My DP chomps his food really loudly, and I can hear the eating noises even from the next room...! A bit like a cow chewing its cud. Urrgh, it does sometimes make me feel a bit sick....I also don't like it when he helps himself to food /vegetables with his fingers, putting them back in the communal bowl after they've already transported food into his mouth -! (is there a germy emoticon?) Yuk!! I suppose he'd do well in a society where they all sit around a table and help themselves with one hand from communal bowls, though. It's not a great example for DS though, whose table manners also leave a lot to be desired....

Angelico Tue 04-Dec-12 17:17:53

Was interested in this as my DH has a maddening habit of not putting his knife and fork together when finished eating - he just kind of abandons them. I don't understand it as he has a senior job, goes to work dinners etc so can't understand how he didn't notice that what he is doing is a bit strange. The thing is when we are out for meals it causes real confusion for waiters etc as they don't know if he is finished eating. I get fed up asking him if he's finished - it's like being his mum! I don't understand why he does it confused

I told him before we had DD he needed to sort it before she learned to copy him - she's a baby so have a bit of time to mould him yet...!

fedupwithdeployment Tue 04-Dec-12 17:28:33

This would be a big issue for me, but it is difficult for you if you accepted it initially, and so it is you, not him who has changed.

My DH chews his fingers, not nails, but often the flesh round the nail is bleeding or raw. It is revolting...I am trying (~after 17 years) to get him to change...sometimes it is worse than others. I think making the point that others find it revolting too (he is trying to change jobs after 24 years) is hitting home.

jingleallthespringy Tue 04-Dec-12 17:58:06

There's a word for skin-chewing/picking - it's a recognised compulsive disorder.

I'd find it really difficult if my partner had bad table manners. I have a friend who has an enormous mouth and scoffs the food, I kid you not, like a pig, with accompanying snorting. Truly vile.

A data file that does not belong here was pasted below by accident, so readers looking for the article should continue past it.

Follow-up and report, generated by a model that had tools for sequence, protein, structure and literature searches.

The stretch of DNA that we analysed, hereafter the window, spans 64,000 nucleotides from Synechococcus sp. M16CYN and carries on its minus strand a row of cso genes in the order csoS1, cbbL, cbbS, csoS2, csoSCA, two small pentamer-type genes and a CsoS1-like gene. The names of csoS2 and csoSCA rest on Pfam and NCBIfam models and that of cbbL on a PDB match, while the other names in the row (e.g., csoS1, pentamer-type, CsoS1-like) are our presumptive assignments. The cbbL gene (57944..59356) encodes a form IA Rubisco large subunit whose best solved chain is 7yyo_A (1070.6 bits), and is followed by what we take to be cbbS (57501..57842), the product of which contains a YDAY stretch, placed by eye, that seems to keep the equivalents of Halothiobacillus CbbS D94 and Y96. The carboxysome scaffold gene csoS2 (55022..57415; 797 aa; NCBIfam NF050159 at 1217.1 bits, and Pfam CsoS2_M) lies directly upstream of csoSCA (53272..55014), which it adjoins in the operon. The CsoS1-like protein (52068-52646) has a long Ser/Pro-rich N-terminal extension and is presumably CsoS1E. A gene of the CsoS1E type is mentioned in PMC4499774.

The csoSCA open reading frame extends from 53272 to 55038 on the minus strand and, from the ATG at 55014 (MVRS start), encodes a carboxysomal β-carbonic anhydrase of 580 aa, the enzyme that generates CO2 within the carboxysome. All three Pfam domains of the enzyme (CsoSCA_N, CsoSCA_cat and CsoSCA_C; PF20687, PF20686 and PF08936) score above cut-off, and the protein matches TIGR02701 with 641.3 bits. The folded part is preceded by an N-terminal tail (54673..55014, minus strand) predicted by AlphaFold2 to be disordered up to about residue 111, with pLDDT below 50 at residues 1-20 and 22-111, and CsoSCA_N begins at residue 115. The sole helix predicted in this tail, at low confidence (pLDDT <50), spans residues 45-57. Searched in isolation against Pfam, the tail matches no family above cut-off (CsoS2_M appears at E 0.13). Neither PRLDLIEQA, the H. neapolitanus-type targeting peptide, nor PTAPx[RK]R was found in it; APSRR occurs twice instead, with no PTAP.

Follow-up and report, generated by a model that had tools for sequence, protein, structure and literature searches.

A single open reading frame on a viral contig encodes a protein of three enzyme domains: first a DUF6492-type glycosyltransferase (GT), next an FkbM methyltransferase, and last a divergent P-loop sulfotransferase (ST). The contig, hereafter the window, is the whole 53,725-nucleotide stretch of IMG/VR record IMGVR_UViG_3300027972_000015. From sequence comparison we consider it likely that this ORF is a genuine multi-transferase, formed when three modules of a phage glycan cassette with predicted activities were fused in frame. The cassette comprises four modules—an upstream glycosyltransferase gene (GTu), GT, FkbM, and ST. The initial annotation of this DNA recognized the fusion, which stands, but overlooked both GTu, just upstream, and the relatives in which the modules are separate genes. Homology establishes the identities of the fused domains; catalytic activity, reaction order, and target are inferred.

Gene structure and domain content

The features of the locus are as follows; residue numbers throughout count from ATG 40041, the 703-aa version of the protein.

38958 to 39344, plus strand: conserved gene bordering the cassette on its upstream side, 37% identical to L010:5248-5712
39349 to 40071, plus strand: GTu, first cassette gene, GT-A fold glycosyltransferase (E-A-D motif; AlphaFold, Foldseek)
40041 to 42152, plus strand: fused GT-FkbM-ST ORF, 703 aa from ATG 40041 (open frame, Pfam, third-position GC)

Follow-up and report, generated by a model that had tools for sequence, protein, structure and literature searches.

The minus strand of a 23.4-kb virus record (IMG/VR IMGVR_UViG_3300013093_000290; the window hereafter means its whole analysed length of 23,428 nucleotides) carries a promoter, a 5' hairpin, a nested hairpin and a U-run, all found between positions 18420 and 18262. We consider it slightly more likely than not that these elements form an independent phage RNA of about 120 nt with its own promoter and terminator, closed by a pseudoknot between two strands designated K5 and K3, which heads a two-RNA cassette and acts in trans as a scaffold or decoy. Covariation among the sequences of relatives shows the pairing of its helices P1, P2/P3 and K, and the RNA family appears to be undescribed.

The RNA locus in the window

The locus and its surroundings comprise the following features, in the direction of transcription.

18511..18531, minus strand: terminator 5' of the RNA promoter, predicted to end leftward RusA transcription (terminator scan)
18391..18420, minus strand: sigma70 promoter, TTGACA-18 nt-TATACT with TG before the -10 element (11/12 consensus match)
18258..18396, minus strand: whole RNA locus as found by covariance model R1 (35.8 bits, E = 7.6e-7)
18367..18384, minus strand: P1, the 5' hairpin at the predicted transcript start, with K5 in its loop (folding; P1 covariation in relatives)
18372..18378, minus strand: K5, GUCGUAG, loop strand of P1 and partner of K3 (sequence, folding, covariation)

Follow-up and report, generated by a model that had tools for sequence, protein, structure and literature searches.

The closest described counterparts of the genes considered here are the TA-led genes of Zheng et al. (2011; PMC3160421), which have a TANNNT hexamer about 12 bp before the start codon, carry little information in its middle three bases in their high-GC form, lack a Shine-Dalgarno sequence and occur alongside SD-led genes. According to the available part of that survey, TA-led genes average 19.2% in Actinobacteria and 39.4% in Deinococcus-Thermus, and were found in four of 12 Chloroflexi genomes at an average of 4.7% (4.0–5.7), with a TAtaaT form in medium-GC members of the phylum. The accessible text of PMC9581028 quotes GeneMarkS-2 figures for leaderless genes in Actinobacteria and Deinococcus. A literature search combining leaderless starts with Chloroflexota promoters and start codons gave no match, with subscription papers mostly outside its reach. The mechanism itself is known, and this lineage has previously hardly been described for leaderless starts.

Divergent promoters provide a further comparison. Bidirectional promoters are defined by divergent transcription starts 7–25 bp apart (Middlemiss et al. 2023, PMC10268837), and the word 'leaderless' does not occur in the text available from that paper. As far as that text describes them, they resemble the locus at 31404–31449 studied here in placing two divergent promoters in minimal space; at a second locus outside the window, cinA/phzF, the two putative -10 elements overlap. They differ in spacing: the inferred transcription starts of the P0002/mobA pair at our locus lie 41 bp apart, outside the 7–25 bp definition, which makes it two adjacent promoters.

Even people who culturally eat with their hands do it neatly.

ClippedPhoenix Tue 04-Dec-12 18:16:15

I couldn't sit opposite someone who ate like this it's bloody awful. I also can't understand why, if when you've told him, he hasn't rectified it.

I'd refuse to eat with him until he got it into his head that eating like a pig isn't on.

thisisfartoohonest Tue 04-Dec-12 18:16:23

Thanks all.

so, finding myself in this position, what would you do? It really is a big deal for me, although to be honest, he isn't a pig at meal times, not disgusting, just elbows and a bit of food shoveling...

ClippedPhoenix Tue 04-Dec-12 18:19:11

I'd just tell him to stop it.

thisisfartoohonest Tue 04-Dec-12 18:22:12

Done that...several times. He says I'm making a big deal out of something really small. That he'd understand if he was a real pig at the table, but that I am just nit-picking and he isn't so bad (which is semi true). I told him it mattered enough to me, but he said that I was being unreasonable.

ClippedPhoenix Tue 04-Dec-12 18:24:50

Well it's put up and shut up then where he's concerned isn't it.

Is there something you do that irritates him? If so, then keep doing that and give him exactly the same answer.

Letsmakecookies Tue 04-Dec-12 18:28:38

I really think you should do nothing. He is an adult and you either learn to accept it or don't eat near him. You cannot 'teach him how to eat properly' that is actually quite demeaning, but you can deal with it internally and work out why it annoys you so much, and decide to let it go. How would you feel if he decided he didn't like the way you drove and started re-teaching you that.